My Volunteering

POST-TRAUMATIC GROWTH:  Improving one’s sense of wellbeing using art, creative writing, photography, blogging and public speaking – my journey written by ©Karen Robinson.  Please click here for my latest blog news!






At the beginning of 2011, I followed through with a desire to do volunteer speaking with Road Trauma Support Services Victoria (RTSSV).  Firstly it required me to do some training in order that I could formulate my story, give me an opportunity to train with like-minded people, attend a number of Road Trauma Awareness Seminar (RTAS) sessions where I would be speaking; and then the final act in actually delivering my family’s road trauma story as a volunteer speaker – talking about my son Ben who had been killed in a single vehicle car crash on the 5th November 2009.





Road Trauma Support Services Victoria “is a not-for-profit organisation contributing to the safety and wellbeing of Victorian road users. We provide counselling and support to people impacted by road trauma and address attitudes and behaviours of road users through education. We are committed to educating the community and raising public awareness about road trauma and how it affects people’s lives; we do this in part by sharing personal stories about road trauma (RTSSV 2018)”.



“Road Trauma Support Services Victoria’s Shine a Light on Road Safety campaign is to raise awareness, to stop deaths and injuries on our roads and to raise funds to support those impacted by road trauma: #shinealightonroadsafety (RTSSV 2018)”.



Friday 4 May motorists are asked to turn on headlights to remember those impacted by road trauma and show your commitment to road safety (RTSSV 2018).

Sunday 6 May there is a community walk at Albert Park Lake to enable community participation in advocating for safer roads (RTSSV 2018).


Australian landmarks will be illuminated in yellow for road safety from Monday 30 April to Sunday 6 May; thanks to the support of key partners including the Victorian Government, the Transport Accident Commission (TAC), VicRoads, Victoria Police and campaign sponsors (RTSSV 2018).


  • Road safety is everyone’s responsibility
  • Giving the community voice about road trauma
  • Our counselling and support services are available free and unlimited to anyone impacted by road trauma (RTSSV 2018).



NB:  Featuring images of Karen Robinson in support of campaign




The Transport Accident Commission (TAC) on Friday 27th November 2015 kindly produced a video of RTSSV’s poignant 21st Birthday.  It was a celebration of the achievement of this organisation’s growth from a small home-based volunteer group to a professional counselling and education services not-for-profit organisation.  I was one of the many who attended on this evening in recognition of such an achievement.



Click to access rtssv_21yearbooklet_web.pdf




Since the commence of this year 2016, I have taken on another new role as a Road Trauma Awareness Seminar (RTAS) Facilitator which is a paid position.  This is in addition to my volunteer RTAS role with the organisation.  This new role requires me to deliver a Road Trauma Support Service’s (RTSSV) Program in conjunction with the Magistrates’ Court of Victoria, Australia to traffic offenders as part of sentencing options.  RTAS Sessions are now delivered by a team of facilitators and volunteer speakers to approximately 22 locations across Victoria each month (RTSSV 2016).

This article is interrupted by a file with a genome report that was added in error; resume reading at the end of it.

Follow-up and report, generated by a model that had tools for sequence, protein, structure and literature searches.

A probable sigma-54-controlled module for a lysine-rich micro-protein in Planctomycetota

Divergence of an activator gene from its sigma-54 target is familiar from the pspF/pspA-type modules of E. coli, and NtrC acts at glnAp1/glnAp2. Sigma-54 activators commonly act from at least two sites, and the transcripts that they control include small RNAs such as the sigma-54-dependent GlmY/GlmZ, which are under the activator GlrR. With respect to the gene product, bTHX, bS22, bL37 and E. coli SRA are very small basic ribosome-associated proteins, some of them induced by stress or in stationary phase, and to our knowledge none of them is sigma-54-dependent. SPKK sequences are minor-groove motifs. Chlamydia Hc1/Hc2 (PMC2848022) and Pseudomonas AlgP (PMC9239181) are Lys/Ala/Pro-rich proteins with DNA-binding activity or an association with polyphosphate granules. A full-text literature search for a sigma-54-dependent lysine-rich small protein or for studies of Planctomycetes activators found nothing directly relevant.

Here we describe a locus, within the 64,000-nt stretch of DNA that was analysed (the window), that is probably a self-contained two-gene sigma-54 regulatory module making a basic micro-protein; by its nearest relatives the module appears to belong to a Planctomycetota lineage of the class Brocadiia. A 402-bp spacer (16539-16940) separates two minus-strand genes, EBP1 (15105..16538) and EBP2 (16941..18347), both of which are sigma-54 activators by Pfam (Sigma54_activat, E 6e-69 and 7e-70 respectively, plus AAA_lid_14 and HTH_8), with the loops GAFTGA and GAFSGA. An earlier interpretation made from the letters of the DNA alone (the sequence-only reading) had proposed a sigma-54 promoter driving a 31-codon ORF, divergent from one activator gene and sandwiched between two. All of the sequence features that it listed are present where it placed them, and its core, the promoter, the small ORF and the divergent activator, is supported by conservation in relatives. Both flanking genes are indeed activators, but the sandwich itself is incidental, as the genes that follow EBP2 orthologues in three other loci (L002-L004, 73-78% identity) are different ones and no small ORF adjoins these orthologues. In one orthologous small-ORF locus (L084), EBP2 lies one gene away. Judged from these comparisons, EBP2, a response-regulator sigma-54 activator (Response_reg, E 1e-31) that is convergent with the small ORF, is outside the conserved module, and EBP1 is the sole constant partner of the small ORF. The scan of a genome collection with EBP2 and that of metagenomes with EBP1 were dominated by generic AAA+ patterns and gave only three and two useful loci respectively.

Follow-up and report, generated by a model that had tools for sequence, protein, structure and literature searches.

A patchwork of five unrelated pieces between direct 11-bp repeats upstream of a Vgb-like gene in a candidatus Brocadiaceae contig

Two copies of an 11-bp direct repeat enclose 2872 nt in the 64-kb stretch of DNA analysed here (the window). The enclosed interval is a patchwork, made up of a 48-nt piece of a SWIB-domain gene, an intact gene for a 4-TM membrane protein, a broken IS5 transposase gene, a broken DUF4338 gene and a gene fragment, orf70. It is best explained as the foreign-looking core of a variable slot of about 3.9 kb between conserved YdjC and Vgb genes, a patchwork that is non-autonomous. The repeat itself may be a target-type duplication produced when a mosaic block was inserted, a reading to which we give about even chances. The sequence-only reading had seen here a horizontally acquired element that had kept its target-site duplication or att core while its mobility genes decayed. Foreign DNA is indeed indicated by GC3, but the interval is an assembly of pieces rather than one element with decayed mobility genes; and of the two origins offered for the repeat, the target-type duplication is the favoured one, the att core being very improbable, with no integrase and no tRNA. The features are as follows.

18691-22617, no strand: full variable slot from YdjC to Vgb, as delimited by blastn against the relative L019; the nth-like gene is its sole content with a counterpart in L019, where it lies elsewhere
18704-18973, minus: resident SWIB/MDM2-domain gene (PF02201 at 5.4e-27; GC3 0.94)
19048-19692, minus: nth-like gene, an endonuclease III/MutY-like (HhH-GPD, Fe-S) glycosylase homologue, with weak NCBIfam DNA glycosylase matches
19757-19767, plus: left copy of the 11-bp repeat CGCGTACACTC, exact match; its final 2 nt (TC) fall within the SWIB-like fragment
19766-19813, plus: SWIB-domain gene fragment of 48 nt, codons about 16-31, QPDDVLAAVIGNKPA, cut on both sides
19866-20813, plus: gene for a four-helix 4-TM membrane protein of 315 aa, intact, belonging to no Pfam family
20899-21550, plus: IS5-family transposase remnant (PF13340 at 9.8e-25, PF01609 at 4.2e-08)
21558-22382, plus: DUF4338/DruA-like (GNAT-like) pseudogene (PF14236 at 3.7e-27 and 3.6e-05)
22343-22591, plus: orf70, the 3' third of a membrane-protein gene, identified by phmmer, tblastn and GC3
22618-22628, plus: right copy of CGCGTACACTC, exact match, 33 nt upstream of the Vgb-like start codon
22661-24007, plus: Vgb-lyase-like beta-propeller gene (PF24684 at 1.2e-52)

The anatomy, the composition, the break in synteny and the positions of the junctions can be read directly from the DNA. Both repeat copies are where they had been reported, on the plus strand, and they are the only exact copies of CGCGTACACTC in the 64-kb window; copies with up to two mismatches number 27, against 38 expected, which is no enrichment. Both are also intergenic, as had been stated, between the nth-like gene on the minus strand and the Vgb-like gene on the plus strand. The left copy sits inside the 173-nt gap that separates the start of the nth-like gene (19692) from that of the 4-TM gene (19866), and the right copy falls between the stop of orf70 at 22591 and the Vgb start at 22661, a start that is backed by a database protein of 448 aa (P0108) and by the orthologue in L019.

Since March 2011 and most months of the year, I have been telling my family’s road trauma story with Road Trauma Support Services Victoria at Road Trauma Awareness Seminars to repeat road traffic offenders. To young and not so young people who have been directed by the Magistrates Courts as part of their sentencing to attend a RTAS or by Solicitors who have recommend that a driver attend prior to their Magistrates Court appearance.  These participants are mostly male and like my son Ben, have serious repeat road traffic offending histories. It’s a 2 1/2 hour seminar where the participants have the opportunity to participate in a series of activities that are designed to get them to rethink about their risky driver behaviour and attitudes.  About what driver behaviour has brought them to the RTA Seminar in the first place, about where they are at, right at that moment, in relation to their driving behaviours and attitudes.  And about what can they put in place in their lives that is going to mean they will not re-offend; that they will not end up spending a period of time in jail, seriously injuring themselves or another road user or at worse be killed or kill another road user because of risky driver behaviour.

RTAS participants also have the opportunity to listen to volunteer speakers who share their personal family’s road trauma stories, like me, and/or emergency service volunteer speakers who share how road trauma impacts on their work and private lives.  Hearing volunteer speakers gives these participants a real opportunity to deeply understand about the impact that risky driver behaviour can have on loved ones, family, friends, workmates and the wider community.


RTSSV Certificate of Appreciation to Karen Robinson for contributing 4 years of voluntary service with Road Trauma Support Services Victoria as at 2015 NB: All images are protected by copyright laws

RTSSV Certificate of Appreciation to Karen Robinson for contributing 4 years of voluntary service with Road Trauma Support Services Victoria as at 2015 NB: All images are protected by copyright laws


So, like many other RTSSV volunteer speakers, I tell my family’s road trauma story in the hope that it will get them to rethink about their risky driver behaviour and attitudes so that they don’t end up like my son Ben.